There’s an extended SMA community—friends, family, physicians, advocacy representatives, researchers and scientists—that’s constantly working to understand the daily challenges experienced by adults living with spinal muscular atrophy (SMA). Over the course of their illness, adults living with SMA may need to depend on others to help perform activities of daily living, such as getting out of bed, getting dressed, brushing their teeth, and eating meals. Many have come to embrace that dependency and have expressed that every small improvement in their motor skills makes a world of difference in their everyday lives, both in helping to maintain some of their independence and expressing themselves.
For example, child neurologist Laurent Servais, M.D., shared how visual art has been the basis of an emotional bond for someone he’s worked with who has SMA. “She was able to create beautiful paintings, better than anyone I know, but she was losing this ability,” he explains. It was a terrible development because “art was her way of moving beyond her body and imagining another world.” A fine motor skill, such as the ability to hold a paintbrush, “is probably the minimal function you can capture with a [measurement] scale, but I can tell you that for this artist, it was extremely important,” he says.
Work by advocacy organizations plays an essential role in supporting people living with SMA by bringing them together both in person and virtually. “Adults with SMA tell us it would make all the difference in the world if mobility in their hands could just be stabilized,” says R. Rodney Howell, M.D., Chairman of the Board at the Muscular Dystrophy Association (MDA). Lucja Grajkowska, Ph.D., Medical Education Content Manager at the MDA, adds: “For many individuals, loss of the ability to groom themselves is the most devastating. The ability to lift their arms to brush their hair or feed themselves makes the biggest difference in their quality of life.”
It’s inspiring to see that adults with SMA have found ways to work with their loved ones to navigate obstacles with mobility and independence in their daily life. And these loved ones, including friends and family, reassure them that helping them with these daily physical tasks is a privilege, not a burden. Kenneth Hobby, president of Cure SMA, says adults living with SMA continue to face a great number of daily challenges. Nevertheless, he adds, “We frequently hear from our community that they feel able to overcome these challenges. They’re confident in their ability to do extraordinary things, live independently and contribute to family and society.”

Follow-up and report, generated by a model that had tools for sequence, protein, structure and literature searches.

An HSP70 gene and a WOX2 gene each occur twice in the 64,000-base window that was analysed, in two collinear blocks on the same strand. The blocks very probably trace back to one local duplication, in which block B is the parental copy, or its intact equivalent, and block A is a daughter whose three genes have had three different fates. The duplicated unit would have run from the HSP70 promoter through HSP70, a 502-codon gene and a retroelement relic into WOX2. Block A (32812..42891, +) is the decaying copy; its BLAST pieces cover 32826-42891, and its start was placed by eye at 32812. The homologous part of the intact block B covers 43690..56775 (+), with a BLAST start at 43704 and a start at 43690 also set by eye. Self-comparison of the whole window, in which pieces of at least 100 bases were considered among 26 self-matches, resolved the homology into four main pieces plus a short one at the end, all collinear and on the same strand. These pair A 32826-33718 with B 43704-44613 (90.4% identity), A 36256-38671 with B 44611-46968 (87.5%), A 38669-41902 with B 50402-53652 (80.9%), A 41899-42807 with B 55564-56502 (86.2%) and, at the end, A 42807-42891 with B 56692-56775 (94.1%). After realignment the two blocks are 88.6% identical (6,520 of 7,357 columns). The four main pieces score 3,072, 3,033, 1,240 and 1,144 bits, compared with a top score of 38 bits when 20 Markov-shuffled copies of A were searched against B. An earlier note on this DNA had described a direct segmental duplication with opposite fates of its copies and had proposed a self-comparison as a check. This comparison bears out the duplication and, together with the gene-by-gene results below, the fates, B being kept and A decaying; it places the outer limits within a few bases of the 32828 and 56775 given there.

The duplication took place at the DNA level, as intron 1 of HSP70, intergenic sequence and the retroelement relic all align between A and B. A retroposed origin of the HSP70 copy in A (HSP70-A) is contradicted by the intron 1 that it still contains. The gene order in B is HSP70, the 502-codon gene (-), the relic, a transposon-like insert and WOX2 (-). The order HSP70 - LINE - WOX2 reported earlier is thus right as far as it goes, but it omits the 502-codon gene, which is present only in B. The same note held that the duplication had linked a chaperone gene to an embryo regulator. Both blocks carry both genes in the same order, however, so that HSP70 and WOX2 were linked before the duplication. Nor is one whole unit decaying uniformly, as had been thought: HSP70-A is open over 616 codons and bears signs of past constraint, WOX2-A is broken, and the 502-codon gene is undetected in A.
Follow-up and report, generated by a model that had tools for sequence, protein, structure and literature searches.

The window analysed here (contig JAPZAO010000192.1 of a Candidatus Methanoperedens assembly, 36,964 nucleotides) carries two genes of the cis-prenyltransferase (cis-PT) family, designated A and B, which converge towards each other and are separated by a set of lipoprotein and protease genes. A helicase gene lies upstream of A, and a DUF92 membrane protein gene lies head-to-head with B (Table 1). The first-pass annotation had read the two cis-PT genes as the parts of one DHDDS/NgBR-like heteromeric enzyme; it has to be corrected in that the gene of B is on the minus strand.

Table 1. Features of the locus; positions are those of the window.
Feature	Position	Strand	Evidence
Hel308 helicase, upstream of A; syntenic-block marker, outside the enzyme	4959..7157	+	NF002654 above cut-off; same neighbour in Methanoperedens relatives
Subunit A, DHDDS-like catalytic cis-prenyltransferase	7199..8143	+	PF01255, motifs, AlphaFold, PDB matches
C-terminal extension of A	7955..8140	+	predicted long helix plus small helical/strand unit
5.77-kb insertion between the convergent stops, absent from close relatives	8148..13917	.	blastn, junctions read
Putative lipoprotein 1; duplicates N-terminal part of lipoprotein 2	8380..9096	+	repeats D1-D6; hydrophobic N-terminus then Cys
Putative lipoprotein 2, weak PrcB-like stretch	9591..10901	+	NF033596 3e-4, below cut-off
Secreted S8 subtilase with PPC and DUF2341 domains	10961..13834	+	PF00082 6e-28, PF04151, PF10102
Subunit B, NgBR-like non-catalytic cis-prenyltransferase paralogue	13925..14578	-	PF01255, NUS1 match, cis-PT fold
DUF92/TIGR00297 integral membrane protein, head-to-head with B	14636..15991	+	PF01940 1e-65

As a company focused on advancing the understanding of SMA through our scientific research, we’re humbled to be part of this resilient community. Below are some of the stories of adults living with SMA living life on their terms, and we will be spotlighting many more in the months ahead.
Kevan was diagnosed with SMA at an age when most children are learning to walk. “I grew up with amazing parents, a brother who is able-bodied and a sister with SMA,” he says. “Those connections have shaped how I interact with the rest of the world.” At the same time, Kevan treasures certain memories of college precisely because they seem so ordinary. Once, his friends had a potluck dinner – Kevan showed up and immediately noticed stairs in the hallway. His friend turned to him and said, “We didn’t think about it because we don’t think of you differently, and we still want you here.” Before Kevan could come up with an answer, the friend carried him up the steps.
Today Kevan is 33, and some of the same college friends still carry him on mountain trails in countries around the world. The group raised funds to design a special backpack for this purpose in a project called “We Carry Kevan.” This is also the name of the nonprofit Kevan founded with a unique mission: to redefine accessibility as a group effort.
SHANE BURCAW & HANNAH AYLWARD
Over many years living with SMA, 26-year-old Shane Burcaw says he has relied on the wisdom of strangers. “Being able to see such a wide range of experiences, how different people handled things and what they’re doing as adults gave me the belief that I could do that as well,” he explains. Shane is now an author, blogger, YouTube star and public speaker who intends on changing public perceptions of people with disabilities, including their ability to have romantic relationships. Even with these achievements under his belt, Shane grapples with the feeling of being a burden to others. “Often there’s no reason to feel this way, other than lifelong feeling of needing help,” he says. His fiancée, Hannah, is not only his partner but also his caregiver, and that can be complicated, Shane concedes. “But Hannah has helped me overcome the feeling that I’m a burden,” he says.
For someone like Shane, a network that communicates encouraging news is a precious lifeline: “I think of the little 13-year-old me discovering my own prognosis online for the first time.” But today, the information channels in the SMA network deliver hope to younger members of the community. As Shane points out, “with the rise of adaptive technology and advancing medical treatments, individuals diagnosed with SMA are often able to attend school, find employment and start families of their own.”